Business analytics integration facilitates the rapid movement from insight to action. This is not usually a single step, but involves many steps, and initial insights gained from data exploration and discovery move on through more formal methods until something actionable is produced – usually some form of business rule or predictive model. Lack of integration will kill many such initiatives in the early stages – a clearly undesirable state of affairs.
Integration has several dimensions associated with it. Obviously it is desirable that the technology environment is integrated, in terms of both tools and infrastructure. But the sharper thorn is business integration. This typically does not happen unless forced, and the adoption of integrated Enterprise Resource Planning suites at the turn of the millennium (to mitigate millennium bug risks) imposed transaction integration on previously fragmented business operations. There are drivers for this in analytical applications, the most important being regulatory requirements. But the simple weight of analytical activities, with proliferating numbers of models, will force some level of integration – the alternative being analytical chaos.
The diagram above shows a simplified schematic of the business analytics cycle. Analytics initiatives should always start with a recognition of business opportunity or threat. The next step is often qualitative in nature, using data exploration and discovery tools that are typically visual in nature. The discovery process gives insights into data, and an understanding that cannot be gained any other way. It allows business users to get a feel for important features in the data and their impact on the business issue at hand. The next phase is more quantitative and involves the use of statistics and/or machine learning methods. This has its own cycle of activities and is iterative in nature, as analysts and data scientists weed out erroneous models, and fine tune the features that have most impact. The next step is crucial, and in most real-world situations often suffers from delays, errors and dislocation. Given a well tested analytical model it is should be fairly straightforward to bring it into production. The obvious mechanisms are a business rules management facility, the creation of libraries of such models which can be accessed as needed, a standard deployment language such as PMML (Predictive Model Markup Language), and possibly an API interface. Most often however the model is handed over to a programming team who might code the model in Java, or whichever language is used for such tasks. This creates a discontinuity which in turn leads to maintenance issues as models are modified, and the very real likelihood of errors. It is also an expensive way of doing things.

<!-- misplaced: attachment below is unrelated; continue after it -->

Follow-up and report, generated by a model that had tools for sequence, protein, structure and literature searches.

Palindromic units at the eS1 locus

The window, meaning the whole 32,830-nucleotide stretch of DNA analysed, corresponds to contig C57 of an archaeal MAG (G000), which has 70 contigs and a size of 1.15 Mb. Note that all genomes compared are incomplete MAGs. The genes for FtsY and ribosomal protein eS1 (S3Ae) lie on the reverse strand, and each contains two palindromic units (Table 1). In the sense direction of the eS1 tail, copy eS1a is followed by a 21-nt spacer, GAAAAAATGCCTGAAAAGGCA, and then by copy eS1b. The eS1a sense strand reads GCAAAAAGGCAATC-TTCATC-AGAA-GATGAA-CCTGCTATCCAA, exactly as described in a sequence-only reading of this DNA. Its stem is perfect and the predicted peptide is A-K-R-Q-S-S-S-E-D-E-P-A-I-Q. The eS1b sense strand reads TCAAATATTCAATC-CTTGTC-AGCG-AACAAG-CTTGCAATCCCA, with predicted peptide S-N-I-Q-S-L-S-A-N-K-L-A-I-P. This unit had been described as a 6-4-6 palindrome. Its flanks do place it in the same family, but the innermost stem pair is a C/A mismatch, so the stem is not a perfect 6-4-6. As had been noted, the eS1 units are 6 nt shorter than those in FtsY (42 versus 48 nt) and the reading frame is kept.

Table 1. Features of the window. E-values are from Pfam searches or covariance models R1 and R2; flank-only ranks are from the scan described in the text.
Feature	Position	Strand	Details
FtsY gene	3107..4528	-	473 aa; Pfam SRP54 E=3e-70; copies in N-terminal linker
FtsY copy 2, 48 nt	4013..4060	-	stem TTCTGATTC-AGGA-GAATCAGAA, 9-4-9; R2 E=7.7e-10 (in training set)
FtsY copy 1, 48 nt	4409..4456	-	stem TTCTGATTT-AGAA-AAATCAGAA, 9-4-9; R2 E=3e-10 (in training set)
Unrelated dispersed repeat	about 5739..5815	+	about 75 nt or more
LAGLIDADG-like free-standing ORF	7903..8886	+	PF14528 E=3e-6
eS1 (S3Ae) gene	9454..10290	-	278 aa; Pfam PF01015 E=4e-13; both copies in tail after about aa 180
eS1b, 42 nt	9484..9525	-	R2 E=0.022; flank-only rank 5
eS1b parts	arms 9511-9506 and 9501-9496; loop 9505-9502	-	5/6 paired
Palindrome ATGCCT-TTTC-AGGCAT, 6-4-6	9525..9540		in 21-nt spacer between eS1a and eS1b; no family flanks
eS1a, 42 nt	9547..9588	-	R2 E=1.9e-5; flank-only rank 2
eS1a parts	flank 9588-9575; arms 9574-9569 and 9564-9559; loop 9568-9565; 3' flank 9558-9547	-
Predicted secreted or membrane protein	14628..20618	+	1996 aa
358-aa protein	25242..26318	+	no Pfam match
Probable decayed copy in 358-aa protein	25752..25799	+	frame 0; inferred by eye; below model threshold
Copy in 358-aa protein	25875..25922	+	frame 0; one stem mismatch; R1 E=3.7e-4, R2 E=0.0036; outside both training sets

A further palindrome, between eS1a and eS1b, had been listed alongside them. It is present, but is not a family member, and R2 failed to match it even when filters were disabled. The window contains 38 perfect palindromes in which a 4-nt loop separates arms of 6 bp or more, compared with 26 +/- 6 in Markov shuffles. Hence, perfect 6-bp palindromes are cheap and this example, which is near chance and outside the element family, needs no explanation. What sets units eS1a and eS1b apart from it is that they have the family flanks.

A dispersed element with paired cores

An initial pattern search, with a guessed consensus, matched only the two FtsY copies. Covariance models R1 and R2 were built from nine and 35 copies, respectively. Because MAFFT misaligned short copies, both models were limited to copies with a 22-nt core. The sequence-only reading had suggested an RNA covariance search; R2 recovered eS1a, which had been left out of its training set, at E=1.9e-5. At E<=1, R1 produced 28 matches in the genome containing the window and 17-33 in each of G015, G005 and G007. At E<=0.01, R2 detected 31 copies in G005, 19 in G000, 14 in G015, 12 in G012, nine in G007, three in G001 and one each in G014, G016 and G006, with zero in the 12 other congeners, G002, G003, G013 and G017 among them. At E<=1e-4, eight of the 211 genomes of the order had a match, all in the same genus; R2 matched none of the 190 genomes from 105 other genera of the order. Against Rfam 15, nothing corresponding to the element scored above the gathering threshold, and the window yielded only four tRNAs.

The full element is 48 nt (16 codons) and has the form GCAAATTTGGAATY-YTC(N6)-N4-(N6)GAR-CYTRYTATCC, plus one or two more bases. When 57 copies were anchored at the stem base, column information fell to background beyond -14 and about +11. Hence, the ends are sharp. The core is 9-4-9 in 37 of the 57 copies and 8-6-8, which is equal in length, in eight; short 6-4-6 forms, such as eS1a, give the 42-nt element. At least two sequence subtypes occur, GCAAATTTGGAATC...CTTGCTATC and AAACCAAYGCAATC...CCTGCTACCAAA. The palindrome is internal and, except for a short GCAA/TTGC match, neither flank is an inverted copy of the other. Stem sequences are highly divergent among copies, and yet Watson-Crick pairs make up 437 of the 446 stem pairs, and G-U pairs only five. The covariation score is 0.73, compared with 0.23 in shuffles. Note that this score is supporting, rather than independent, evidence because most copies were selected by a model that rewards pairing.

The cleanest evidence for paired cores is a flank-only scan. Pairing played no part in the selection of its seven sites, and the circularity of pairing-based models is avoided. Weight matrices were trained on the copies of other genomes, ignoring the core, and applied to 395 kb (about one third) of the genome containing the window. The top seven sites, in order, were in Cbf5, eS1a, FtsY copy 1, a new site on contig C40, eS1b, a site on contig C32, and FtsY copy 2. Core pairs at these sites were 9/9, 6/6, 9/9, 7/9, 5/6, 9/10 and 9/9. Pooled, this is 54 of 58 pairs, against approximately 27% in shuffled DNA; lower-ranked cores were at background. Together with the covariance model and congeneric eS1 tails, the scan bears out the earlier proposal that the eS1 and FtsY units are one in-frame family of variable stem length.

Once a model is in production it then becomes necessary to monitor its performance. An environment which allows thresholds to be specified, and alerts to be generated is ideal for this purpose. Should a model fail to perform well, it becomes necessary to revisit the quantitative analysis part of the cycle, and maybe even the qualitative part. Finally, since business performance is directly related to the use of analytical models, there is a need for a business performance monitoring, and ideally a means of correlating performance with the deployment of models.
This is the ideal scenario, and one which represents a ‘Holy Grail” of business analytics. As such it is a goal to be reached, and some organizations will be further down this path than others. And while we have primarily focused on the technology aspects, this ideal involves organizational, cultural, and conceptual changes in management thinking. The technology part of the equation, as always, is the easiest part. Responding to commercial, regulatory, and organizational pressures is difficult because it involves people. Nonetheless, integrated business analytics is where we are all headed, and necessity will be the driver.